MENA refugees face acute health crisis

Friday 17/07/2015
A child receives polio vaccination at a Syrian refugee settlement in the Bekaa valley.

Washington - Violent conflicts in Arab countries are creat­ing a humanitarian and health crisis of unprece­dented magnitude. With millions of refugees and displaced people in need of the most basic services, the international support system is showing signs of fatigue. Many in besieged communities and refugee camps face a “slow death” from disease, which is becoming the number one killer.
The most important, if depress­ing, message that emerged from a recent conference in Washington was that the health crisis will not end soon. Anne Patterson, US assis­tant secretary of state for the Mid­dle East, said that “the profound instability and violence gripping countries in the region over the past several years has done enormous damage to [health care] infrastruc­ture and basic services that will take years to repair”.
Patterson said it was “dispiriting” and that “not too long ago, health care was something of a regional success story”. She noted that from 1970-2010, the Middle East/North Africa region registered the fast­est decline in infant mortality rates in the world and communicable diseases were no longer the high­est causes of death. But now, “we are seeing serious structural defi­ciencies across the board and this speaks to a larger breakdown in the Arab world”, Patterson said.
Former US ambassador to Syria Robert Ford said he was not hope­ful that the humanitarian crisis would abate. Indeed, according to statistics from the UN High Com­missioner for Refugees (UNHCR), on average 17 years go by before refugees make it home after fleeing their countries.
The refugee problem is com­pounded by deteriorating economic conditions, lack of basic health services to begin with and poor in­stitutions. The Washington confer­ence, which was sponsored by the Middle East Institute, highlighted a number of challenges to health care services.
First and foremost are violence and war, which are directed at the population at large and at health care workers in particular. In Syria, for example, barrel bombs and dis­eases are the main causes of death. Dr Zaher Sahloul, president of the Syrian American Medical Society (SAMS), said the most important necessity is to stop bombing civil­ians and hospitals. “We have flight of doctors and nurses because they are targeted and cannot sustain their families,” he said.
Dr Ala Alwan, executive direc­tor for the Eastern Mediterranean for the World Health Organisation (WHO), said 75% of global attacks on health workers occur in Syria. According to WHO, in Libya 2 mil­lion people are in need of humani­tarian assistance. And yet, Laila Bu­gaighis, deputy director general of the Benghazi Medical Centre, said most residents of Benghazi are cut off from care because 60% of health care facilities have shut down.
Patterson pointed out that the United States is providing more than $1.6 billion to Jordan, Leba­non and Turkey “to mitigate the multiple stresses — including health care”. And in Iraq, “the US will spend $17 million on health care programmes for people who have fled [the Islamic State] and other violence”, she added.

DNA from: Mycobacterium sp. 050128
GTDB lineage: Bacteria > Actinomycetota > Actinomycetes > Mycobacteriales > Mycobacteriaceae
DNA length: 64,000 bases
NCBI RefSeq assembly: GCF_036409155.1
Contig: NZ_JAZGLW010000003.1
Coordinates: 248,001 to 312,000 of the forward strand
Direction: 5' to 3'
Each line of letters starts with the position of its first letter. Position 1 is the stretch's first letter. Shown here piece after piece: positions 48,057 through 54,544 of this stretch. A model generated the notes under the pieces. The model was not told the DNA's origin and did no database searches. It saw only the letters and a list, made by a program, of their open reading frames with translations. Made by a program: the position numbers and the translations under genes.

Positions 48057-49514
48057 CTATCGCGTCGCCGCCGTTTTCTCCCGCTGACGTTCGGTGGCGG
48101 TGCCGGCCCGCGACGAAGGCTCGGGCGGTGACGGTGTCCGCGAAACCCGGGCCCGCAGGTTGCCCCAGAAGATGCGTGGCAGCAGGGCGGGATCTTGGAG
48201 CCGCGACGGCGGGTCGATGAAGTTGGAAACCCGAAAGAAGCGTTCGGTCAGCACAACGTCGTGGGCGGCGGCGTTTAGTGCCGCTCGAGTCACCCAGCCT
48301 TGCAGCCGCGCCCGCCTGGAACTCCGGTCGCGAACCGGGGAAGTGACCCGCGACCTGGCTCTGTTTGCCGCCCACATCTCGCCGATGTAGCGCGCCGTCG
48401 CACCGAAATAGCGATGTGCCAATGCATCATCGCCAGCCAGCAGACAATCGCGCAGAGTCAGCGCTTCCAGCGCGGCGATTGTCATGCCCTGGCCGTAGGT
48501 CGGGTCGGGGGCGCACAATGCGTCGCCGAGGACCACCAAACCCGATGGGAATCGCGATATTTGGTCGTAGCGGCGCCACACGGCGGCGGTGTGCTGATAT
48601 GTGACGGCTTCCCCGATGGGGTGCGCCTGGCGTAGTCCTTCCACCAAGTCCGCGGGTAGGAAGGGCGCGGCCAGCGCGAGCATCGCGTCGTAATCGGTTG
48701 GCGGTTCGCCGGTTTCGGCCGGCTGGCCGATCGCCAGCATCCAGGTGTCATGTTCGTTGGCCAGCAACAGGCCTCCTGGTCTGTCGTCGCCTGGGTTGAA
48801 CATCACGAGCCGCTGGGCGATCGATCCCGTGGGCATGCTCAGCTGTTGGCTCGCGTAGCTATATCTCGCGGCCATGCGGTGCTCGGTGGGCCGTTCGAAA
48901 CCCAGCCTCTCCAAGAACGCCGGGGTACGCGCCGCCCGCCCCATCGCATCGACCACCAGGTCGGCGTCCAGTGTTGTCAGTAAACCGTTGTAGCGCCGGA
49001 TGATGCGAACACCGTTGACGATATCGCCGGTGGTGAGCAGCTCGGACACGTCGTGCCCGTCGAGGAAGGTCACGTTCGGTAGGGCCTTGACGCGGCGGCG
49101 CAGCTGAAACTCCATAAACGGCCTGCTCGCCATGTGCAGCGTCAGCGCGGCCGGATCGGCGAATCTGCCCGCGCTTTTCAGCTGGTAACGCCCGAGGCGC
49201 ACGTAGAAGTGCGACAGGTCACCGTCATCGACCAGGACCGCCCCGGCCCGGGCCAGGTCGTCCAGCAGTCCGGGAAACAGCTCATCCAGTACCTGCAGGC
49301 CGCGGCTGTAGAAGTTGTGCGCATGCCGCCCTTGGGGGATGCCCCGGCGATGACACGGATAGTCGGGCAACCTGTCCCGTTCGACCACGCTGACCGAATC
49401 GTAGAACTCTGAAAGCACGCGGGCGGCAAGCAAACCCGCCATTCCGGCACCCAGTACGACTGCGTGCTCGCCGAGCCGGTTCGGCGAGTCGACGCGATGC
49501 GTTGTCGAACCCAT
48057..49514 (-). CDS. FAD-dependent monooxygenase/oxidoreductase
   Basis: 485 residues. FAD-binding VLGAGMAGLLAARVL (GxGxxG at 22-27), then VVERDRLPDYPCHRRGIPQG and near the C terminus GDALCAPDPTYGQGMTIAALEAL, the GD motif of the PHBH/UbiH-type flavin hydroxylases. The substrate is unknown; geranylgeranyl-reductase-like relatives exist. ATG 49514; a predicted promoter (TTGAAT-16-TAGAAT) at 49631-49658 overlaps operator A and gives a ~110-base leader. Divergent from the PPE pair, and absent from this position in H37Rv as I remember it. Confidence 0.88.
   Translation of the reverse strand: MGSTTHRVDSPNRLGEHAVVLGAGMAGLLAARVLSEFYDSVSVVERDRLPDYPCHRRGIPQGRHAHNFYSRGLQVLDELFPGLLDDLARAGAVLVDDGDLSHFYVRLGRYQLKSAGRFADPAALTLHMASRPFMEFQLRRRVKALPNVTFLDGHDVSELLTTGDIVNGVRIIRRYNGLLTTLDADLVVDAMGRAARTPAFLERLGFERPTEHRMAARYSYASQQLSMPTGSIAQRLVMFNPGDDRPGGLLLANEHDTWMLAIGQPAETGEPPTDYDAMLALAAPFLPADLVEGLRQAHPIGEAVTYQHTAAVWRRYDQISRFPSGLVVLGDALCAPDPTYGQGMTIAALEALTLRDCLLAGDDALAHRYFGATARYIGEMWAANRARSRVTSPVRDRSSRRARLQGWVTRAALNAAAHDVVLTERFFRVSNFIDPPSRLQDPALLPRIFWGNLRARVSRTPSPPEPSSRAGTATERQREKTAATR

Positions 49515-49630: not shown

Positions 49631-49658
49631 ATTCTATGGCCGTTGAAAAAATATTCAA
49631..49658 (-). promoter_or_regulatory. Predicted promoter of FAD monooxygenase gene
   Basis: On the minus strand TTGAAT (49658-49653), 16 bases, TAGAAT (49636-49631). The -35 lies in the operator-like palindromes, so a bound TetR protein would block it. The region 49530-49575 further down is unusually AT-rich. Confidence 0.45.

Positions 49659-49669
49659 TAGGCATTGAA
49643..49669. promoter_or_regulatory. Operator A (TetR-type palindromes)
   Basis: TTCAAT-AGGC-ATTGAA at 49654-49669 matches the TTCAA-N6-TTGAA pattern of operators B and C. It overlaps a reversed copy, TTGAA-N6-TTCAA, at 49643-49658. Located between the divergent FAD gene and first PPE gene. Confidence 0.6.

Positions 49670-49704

The United States also provided Iraq with $205 million in general humanitarian assistance. Ford said the United States spent $4 billion on humanitarian aid in Syria but when UNHCR launched an appeal for $4.5 billion it raised only $1 billion.
But far more is needed. Alwan spoke of the effects the funding shortfall has on the work of interna­tional organisations. Among other things, it has led to postponement of immunisations. Syria, for exam­ple, had been free of polio for 50 years but new cases are now being seen.
The donor money is not sufficient to handle the need. According to Thomas Staal of the US Agency for International Development, “We spend more money in the US buy­ing Coca-Cola than the money that goes to Syria.”
Yet another problem impeding the work of health care organisa­tions is access. In Syria, the UN Security Council had to pass a reso­lution forcing the government to allow access for humanitarian aid and health care to besieged areas.
That desperate state led the Syr­ian American Medical Society to issue a report titled Slow Death, documenting the plight of the more 640,000 Syrians living under long-term siege. The report says the sieg­es have “caused the complete col­lapse of local health care systems and forced the remaining doctors to practice in primitive conditions”.
Andrew Harper, the UNHCR rep­resentative in Jordan, said there was not enough money to deal with the problem of Syrian refugees there and that Jordan was over­whelmed by the needs of its own population. One heartening fact is that regional countries are be­ing generous. Two years ago, said Alwan, 8% of WHO’s local funding came from the region. Now, most of it comes from the region. WHO also changed its way of working. Before, it was dealing with governments; now, it is dealing with non-gov­ernmental organisations (NGOs). In Yemen, Alwan said, WHO relies completely on NGOs.
The speakers agreed that Russia, China and Iran have not been forth­coming in providing aid to Syria, which is ironic, given that two of them are the main supporters of the Assad regime and the main supplier of its weapons.